Various Artists - Nicolas Winding Refn Presents The Wicked Die Young - Albums - Reviews - Soundblab

Various Artists - Nicolas Winding Refn Presents The Wicked Die Young

by Jon Burke Rating:5 Release Date:2017-04-14

Director Nicolas Winding Refn has been releasing his “Refn Presents” record series since 2015. The series gives famous film soundtracks (Robocop, The Terminator, etc.) the multi-disc deluxe vinyl treatment they so deserve. His most recent release, The Wicked Die Young, is the soundtrack/sonic inspiration for Refn’s film, The Neon Demon. Much like his films, The Wicked Die Young, is sonically lush and visually evocative but ultimately empty and fleeting. For every review of Refn’s oeuvre showering him with praise for his sumptuous visuals there are a dozen more using descriptors like self-indulgent and pretentious. The Wicked Die Young is a collection of pure sugary pop paired with intensely grimy punk/electronica. While in some cases this might succeed, on The Wicked Die Young the transitions are jarring to the point of annoying and ultimately reductive. You’ve never heard the doped-out, switchblade edginess of Johnny Thunders sound quite as flaccid and lifeless as when it precedes Dionne Warwick’s Valley of the Dolls theme song.

It would be ridiculous to review several of these tracks. Suicide’s “Cheree”, for example, is a classic and needs no introduction if only because it’s been included on other, better soundtracks. The same goes for the Johnny Thunders & the Heartbreakers’ “Pirate Love” – though to a lesser extent. I would assume disco aficionados equally familiar with Giorgio Moroder’s “Knights In White Satin” and Amanda Lear’s “Follow Me”. One track, Pino Donaggio’s “The Shower” from Brian De Palma’s Dressed To Kill, is inexplicably included here especially considering some of the other gems from that same soundtrack. Julian Winding’s “When You Want to Hurt Someone” is such a throwback to 90s electronica that many listeners will require a bump of methamphetamine to properly enjoy it. The remaining songs mostly originate from frequent Refn collaborators like Electric Youth and Cliff Martinez – both of whom turn-in fine performances here but, when compared to their work on the Drive soundtrack, come up lacking. The Drive soundtrack really haunts The Wicked Die Young if only because this all feels like a warmed-over rehash of that milestone in recent film soundtracks.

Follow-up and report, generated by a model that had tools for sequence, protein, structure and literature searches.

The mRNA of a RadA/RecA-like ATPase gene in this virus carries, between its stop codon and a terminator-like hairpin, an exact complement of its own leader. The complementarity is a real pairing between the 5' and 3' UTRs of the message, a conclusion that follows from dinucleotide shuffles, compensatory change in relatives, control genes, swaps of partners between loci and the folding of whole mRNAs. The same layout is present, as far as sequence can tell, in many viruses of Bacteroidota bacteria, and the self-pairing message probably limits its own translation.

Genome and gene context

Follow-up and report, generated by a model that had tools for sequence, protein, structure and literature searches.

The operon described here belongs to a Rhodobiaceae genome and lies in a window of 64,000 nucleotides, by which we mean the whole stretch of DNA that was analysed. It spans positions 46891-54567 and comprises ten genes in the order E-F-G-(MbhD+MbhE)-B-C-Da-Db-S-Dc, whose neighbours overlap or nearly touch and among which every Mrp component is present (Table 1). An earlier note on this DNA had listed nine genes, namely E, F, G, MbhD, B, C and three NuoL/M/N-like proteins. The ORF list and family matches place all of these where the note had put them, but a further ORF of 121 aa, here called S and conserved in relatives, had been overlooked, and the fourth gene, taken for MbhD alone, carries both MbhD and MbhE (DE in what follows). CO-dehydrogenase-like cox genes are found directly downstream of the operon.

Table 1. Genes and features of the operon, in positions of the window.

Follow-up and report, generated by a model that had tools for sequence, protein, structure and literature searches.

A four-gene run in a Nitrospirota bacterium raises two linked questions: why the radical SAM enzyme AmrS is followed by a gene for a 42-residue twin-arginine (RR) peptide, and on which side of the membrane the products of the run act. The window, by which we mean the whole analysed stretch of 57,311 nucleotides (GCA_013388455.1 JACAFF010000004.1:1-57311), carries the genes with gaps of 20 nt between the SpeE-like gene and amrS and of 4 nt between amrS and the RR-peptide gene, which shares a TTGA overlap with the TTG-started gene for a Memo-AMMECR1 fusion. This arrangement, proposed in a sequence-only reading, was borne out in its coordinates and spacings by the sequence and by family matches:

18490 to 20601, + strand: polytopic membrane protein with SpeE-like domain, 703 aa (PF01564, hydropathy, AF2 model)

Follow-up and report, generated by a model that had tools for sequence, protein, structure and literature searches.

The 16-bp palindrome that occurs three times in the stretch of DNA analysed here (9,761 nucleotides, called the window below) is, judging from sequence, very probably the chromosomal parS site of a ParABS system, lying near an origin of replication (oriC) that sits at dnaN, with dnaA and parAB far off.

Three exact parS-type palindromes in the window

If The Wicked Die Young accomplishes anything, it’s the inclusion and celebration of 999’s “Homicide”. The Brit punk gem contains so much sneering swagger and strut as to make Jagger jealous. I found myself playing it over and over as I reviewed this album and wishing other similar tracks had been thrown into the mix. Inclusion of a track or two by Magazine, The Stranglers or The Vibrators, for example, would enliven and elevate The Wicked Die Young from its current, uninspiring state to something meaningful… something with teeth. Right now all you’re gonna get from The Wicked Die Young is a good gumming.     

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